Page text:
Venue selection key to successful concerts


British band Coldplay made Kuala Lumpur one of the stops in its Music of the Spheres World Tour on Nov 22. — Filepic

Limited places able to handle huge crowds, say organisers

The recent concert by British band Coldplay in Malaysia was an eye-opening experience for many.

As unforgettable as the one-night-only live performance may have been for fans, the journey to and from the venue was equally memorable but not in a good way.

Some 75,000 people braved the rain to see the Grammy-winning band perform live at National Stadium in Bukit Jalil, Kuala Lumpur on Nov 22.

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Complaints ranged from poor crowd control to massive trafficcongestion brought on by indiscriminate parking and stalls selling food and souvenirs in the area.

StarMetro reached out to concert organisers to find out challenges they face when putting together such large-scale events.

Opportunity knocks

When Coldplay announced that its Music of the Spheres World Tour would include South-East Asia, one concert organiser saw a chance to bring the act to our shores.

Live Nation Entertainment Malaysia managing director and co-owner Para Rajagopal said Malaysia was not originally included in the tour.

“The band had plans to do multiple shows in Singapore.

“I thought this was an opportunity to bring them to our country,” he said.

Fans lining up to enter the National Stadium in Bukit Jalil to watch the Coldplay concert. — FilepicFans lining up to enter the National Stadium in Bukit Jalil to watch the Coldplay concert. — Filepic

Intense planning ensued to welcome the band, which Para said took place months ahead of the concert.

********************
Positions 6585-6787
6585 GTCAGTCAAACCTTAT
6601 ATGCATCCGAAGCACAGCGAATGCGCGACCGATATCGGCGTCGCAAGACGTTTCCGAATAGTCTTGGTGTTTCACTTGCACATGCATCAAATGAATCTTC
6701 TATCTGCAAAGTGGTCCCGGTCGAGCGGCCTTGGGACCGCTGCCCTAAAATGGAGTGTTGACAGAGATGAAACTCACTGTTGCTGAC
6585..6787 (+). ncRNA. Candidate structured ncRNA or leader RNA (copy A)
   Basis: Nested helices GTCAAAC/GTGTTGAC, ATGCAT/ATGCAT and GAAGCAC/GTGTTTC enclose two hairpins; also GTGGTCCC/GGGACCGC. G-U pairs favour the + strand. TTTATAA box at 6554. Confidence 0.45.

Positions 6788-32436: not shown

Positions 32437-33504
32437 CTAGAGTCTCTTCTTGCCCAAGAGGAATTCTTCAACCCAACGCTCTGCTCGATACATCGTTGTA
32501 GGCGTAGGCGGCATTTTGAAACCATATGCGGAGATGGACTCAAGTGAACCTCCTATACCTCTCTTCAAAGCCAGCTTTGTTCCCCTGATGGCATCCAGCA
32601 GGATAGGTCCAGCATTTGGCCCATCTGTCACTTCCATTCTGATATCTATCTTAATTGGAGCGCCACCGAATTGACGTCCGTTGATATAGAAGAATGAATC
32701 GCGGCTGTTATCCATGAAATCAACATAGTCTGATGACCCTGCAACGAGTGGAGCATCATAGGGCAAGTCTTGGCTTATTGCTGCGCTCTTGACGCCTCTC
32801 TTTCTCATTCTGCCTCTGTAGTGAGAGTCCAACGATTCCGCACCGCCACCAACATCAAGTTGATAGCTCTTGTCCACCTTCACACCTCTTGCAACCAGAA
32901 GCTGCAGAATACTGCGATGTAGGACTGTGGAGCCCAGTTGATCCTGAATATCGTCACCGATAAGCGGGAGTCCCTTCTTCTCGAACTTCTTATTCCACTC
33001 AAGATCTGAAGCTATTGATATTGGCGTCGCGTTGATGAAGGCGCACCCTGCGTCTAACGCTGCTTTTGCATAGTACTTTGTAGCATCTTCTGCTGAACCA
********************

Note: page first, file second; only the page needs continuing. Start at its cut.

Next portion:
“We engaged with various government agencies such as the police, Prasarana Malaysia Bhd and the stadium’s carpark operator since July.

“We had a series of meetings to identify the demographics of the fans and discuss the flow of crowds at the event,” he added.

Venue selection

Muhammad Iqbal Ameer, who has 12 years of experience in the concert industry, said choosing a proper venue was the first step to a successful show.

The chief executive officer of The Livescape Group, a live entertainment company, said seating capacity, available facilities and venue accessibility were key criteria to consider.

He added that the company also regularly hired ushers to help regulate the crowds and ensure their proper dispersal after the event.

“Each organiser will have different methods for dispersal.

“Some, like sports event organisers, divide the crowds into sections and release them in stages,” said Muhammad Iqbal.

Another factor, he said, was whether the venue had the equipment to accommodate the artiste’s technical requirements.

“Certain performers might need a specialised system and the venue must be able to provide it,” he added.

For Para, identifying the demographic of fans was a crucial first step in providing the necessary amenities.

Para says finding a venue that is available and big enough to hold huge crowds is a challenge.Para says finding a venue that is available and big enough to hold huge crowds is a challenge.

Among the factors to consider, he said, were the sex ratio, racial composition and age groups of the fans.

“If the artiste draws more female fans, then more women toilets need to be prepared at the concert venue.

“Likewise, if the artiste has a huge following among Muslim fans, the organiser needs to consider providing a surau for their use,” he added.